By Diane Hudson
As a veteran, you have been granted preference in job search, as well as benefits for education, due to your service to America.
Most veterans are given some type of preference in appointments in federal jobs, and the preference is extended to military spouses and widows of deceased veterans in certain circumstances.
The current Veterans’ preferences comes from the Veterans Preference Act of 1944, as amended, and now codified in Title 5, United States Code, which states, "by law, veterans who are disabled or who served on active duty in the U.S. armed forces during certain specified time periods or in military campaigns are entitled to preference over others when hiring from competitive lists of eligible candidates, and also in retention during a reduction in force (RIF)."
Check out the Office of Personnel Management’s (OPM) VetGuide. Veteran’s preference does not require an agency to use any particular appointment; rather agencies can select candidates from a number of different special hiring authorities or through a variety of different sources including Veterans Readjustment Appointment (VRA) or special authority for 30 percent or more disabled veterans.
To leverage your veteran’s preference points when applying for federal jobs, claim the preference points on your federal applications, in the appropriate online menu driven sections; or list it at the top section under your name and address on a hard copy federal resume.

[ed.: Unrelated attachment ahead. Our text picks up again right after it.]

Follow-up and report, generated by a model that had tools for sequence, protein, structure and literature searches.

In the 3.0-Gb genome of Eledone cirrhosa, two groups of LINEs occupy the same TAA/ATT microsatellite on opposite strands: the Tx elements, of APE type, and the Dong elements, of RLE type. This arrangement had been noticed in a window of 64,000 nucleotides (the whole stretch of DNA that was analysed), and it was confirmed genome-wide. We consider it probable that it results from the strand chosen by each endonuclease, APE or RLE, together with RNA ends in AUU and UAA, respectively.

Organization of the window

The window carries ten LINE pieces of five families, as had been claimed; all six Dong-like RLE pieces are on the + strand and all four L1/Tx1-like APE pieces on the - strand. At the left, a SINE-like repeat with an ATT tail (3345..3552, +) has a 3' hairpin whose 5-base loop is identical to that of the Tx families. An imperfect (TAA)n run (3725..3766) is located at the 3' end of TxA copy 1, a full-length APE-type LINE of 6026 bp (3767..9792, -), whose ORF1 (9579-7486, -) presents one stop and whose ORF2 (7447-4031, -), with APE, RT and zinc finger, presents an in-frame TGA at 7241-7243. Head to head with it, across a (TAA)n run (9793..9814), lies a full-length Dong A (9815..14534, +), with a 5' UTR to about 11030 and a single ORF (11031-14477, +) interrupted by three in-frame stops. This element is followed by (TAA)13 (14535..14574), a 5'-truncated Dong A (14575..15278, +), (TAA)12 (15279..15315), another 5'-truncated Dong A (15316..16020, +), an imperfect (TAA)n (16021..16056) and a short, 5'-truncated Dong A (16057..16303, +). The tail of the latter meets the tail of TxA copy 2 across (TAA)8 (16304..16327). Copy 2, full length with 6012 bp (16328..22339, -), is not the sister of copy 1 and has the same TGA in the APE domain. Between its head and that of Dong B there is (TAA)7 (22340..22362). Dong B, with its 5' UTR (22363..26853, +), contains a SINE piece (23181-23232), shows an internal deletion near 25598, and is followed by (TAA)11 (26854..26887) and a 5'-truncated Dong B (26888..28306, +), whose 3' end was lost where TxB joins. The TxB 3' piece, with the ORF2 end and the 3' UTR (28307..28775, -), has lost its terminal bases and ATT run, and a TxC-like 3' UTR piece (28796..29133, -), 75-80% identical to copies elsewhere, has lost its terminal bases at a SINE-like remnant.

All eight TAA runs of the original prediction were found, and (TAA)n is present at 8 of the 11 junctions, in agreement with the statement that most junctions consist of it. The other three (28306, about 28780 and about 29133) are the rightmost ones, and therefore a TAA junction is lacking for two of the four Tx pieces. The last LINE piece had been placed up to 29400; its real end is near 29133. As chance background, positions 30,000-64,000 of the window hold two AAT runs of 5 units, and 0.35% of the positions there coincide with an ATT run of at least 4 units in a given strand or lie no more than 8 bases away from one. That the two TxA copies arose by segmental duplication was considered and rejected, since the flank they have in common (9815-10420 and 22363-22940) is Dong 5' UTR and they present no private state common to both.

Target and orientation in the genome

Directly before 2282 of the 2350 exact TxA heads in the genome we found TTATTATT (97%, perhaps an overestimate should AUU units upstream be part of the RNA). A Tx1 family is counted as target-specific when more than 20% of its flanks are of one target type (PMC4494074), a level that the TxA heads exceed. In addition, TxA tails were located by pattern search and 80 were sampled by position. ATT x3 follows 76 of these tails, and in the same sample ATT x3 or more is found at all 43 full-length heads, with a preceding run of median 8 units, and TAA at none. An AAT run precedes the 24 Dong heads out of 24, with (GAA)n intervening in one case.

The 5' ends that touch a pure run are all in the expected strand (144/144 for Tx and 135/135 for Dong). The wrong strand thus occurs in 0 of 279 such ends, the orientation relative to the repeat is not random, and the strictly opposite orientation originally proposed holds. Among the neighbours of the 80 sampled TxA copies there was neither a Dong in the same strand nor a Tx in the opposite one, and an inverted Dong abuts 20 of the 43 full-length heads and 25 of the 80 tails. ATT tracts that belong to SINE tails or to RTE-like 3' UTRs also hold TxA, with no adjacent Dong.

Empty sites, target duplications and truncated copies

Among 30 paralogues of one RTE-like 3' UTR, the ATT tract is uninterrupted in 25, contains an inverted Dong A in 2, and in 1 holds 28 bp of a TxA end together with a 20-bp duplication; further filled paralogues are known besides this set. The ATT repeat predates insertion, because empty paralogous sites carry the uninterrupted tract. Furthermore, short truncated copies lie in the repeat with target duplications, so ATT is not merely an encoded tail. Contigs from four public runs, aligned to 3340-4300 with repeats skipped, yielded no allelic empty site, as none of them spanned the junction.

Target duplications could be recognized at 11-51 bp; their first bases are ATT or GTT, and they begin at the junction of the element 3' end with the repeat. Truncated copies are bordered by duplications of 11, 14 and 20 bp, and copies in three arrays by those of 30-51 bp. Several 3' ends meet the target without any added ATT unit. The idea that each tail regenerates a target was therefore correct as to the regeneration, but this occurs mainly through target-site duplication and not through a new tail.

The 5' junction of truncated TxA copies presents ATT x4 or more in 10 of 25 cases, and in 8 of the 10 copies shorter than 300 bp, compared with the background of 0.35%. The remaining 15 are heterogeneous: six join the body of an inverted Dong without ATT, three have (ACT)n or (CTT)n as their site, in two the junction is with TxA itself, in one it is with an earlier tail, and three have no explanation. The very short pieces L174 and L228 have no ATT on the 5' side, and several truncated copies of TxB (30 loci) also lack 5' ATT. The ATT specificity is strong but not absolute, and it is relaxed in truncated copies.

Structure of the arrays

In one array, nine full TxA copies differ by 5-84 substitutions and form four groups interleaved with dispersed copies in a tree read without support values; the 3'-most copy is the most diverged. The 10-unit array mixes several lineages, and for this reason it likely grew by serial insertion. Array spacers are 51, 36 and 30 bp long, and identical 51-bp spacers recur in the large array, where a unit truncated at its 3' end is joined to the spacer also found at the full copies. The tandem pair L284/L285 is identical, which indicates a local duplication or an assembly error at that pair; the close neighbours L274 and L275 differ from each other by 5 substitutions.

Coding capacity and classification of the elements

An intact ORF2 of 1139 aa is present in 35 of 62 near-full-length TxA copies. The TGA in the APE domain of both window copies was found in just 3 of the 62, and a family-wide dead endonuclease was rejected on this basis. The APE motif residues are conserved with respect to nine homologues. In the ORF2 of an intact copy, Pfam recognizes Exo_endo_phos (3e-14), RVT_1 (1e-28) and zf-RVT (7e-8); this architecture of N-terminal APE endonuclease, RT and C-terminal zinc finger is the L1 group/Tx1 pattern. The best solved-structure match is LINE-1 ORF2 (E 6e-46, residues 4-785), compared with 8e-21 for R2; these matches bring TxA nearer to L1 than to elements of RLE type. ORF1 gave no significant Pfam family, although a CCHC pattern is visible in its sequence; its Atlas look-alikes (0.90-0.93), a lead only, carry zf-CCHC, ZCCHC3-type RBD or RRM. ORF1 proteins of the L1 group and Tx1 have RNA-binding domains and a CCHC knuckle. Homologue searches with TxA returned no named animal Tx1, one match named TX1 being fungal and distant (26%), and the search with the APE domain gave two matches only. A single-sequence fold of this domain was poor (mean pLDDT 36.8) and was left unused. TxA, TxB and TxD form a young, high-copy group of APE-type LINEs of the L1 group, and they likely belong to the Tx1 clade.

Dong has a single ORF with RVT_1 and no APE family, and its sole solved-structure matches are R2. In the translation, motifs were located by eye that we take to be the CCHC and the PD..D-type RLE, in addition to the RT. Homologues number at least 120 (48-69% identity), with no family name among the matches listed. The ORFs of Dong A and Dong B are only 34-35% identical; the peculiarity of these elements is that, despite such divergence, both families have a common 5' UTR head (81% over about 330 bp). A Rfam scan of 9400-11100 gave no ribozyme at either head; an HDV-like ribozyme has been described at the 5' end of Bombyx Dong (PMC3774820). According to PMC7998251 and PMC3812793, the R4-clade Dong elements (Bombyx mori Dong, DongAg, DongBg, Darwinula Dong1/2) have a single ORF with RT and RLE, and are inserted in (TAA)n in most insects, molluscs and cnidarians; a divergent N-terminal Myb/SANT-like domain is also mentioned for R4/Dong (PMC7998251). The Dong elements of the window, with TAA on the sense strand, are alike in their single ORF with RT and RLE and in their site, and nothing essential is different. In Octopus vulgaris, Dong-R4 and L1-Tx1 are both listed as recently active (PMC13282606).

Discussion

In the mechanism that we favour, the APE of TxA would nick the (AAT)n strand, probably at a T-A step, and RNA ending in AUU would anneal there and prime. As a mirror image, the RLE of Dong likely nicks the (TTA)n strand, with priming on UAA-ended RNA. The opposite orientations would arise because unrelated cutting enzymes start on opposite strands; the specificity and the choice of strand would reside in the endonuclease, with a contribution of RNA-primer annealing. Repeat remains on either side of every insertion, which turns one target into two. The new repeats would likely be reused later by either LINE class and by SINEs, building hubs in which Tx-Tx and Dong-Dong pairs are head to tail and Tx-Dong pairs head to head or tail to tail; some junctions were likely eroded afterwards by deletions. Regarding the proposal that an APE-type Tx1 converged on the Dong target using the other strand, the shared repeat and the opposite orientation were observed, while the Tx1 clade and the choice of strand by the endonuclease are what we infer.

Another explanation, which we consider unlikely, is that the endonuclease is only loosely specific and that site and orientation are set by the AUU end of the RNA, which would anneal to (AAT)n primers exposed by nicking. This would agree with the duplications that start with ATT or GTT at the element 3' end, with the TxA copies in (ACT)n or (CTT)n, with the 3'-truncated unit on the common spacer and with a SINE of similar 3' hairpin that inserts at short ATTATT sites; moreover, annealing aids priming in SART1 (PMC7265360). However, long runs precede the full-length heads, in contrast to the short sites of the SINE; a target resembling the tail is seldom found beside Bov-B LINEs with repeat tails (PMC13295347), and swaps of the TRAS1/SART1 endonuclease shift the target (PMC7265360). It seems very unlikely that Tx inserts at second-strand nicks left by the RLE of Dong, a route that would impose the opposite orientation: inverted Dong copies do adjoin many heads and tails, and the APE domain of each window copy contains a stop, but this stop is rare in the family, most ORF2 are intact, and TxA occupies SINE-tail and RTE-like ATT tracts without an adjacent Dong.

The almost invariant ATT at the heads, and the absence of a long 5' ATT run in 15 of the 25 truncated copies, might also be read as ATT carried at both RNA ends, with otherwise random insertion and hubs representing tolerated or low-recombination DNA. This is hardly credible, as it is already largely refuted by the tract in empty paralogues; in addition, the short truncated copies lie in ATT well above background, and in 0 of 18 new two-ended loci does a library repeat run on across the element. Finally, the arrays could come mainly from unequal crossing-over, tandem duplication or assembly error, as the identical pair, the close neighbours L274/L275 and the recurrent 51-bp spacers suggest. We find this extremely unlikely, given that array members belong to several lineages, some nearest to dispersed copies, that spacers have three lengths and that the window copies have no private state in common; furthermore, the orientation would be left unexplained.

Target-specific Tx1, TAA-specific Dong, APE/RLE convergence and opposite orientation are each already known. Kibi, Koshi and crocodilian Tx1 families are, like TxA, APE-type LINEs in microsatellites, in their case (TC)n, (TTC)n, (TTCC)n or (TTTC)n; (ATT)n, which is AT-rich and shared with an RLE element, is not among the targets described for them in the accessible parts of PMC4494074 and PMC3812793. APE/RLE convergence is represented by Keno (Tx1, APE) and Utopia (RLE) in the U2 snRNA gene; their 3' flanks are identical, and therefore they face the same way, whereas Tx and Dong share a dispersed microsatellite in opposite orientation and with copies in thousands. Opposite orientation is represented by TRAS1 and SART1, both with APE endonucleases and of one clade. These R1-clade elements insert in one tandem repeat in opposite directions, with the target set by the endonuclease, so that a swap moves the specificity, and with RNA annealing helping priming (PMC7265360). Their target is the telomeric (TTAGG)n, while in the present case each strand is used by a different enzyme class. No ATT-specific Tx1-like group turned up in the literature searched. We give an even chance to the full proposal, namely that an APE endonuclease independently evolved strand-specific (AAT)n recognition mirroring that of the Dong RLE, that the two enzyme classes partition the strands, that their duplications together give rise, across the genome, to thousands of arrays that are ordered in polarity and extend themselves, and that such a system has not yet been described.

You may also apply under the Veterans’ Employment Opportunities Act, i.e., "When an agency accepts applications from outside its own workforce, the Veterans’ Employment Opportunities Act of 1998 allows preference eligible candidates or veterans to compete for these vacancies under merit promotion procedures." Eligibility includes veterans who have been separated under honorable conditions from the U.S. Armed Forces with three or more years of continuous active service. For more information, visit http://www.usajobs.opm.gov/ei52.asp.
Veterans’ Recruitment Appointment: This appointment allows federal agencies to appoint eligible veterans to jobs without competition. These appointments can be converted to career or career-conditional positions after two years of satisfactory work. Veterans should apply directly to the agency where they wish to work. For information, visit http://www.usajobs.opm.gov/ei4.asp.
The veteran’s benefits are available; but you need to check with your personnel office to determine your veteran’s preference points (5 or 10); obtain an SF-15 (if you are 10 point preference/with a disability), and then use the veteran’s preference points when applying for federal jobs, and also for some state positions. In addition, there are many military-friendly employers who show favor to veterans.
The requirements of obtaining veteran’s preference may be complex and embedded in the fine print, but ask questions of your personnel office, until you are certain of your benefits.
Job-Hunt's Job Search Expert for Veterans, Diane Hudson is a military transition job-search strategist and career coach. She designs and composes military conversion resumes and helps position service members for employment in corporate or Federal America. Diane holds eight industry credentials including Certified Leadership & Talent Management Coach and Federal Job Search Trainer & Counselor and owns Career Marketing Techniques.
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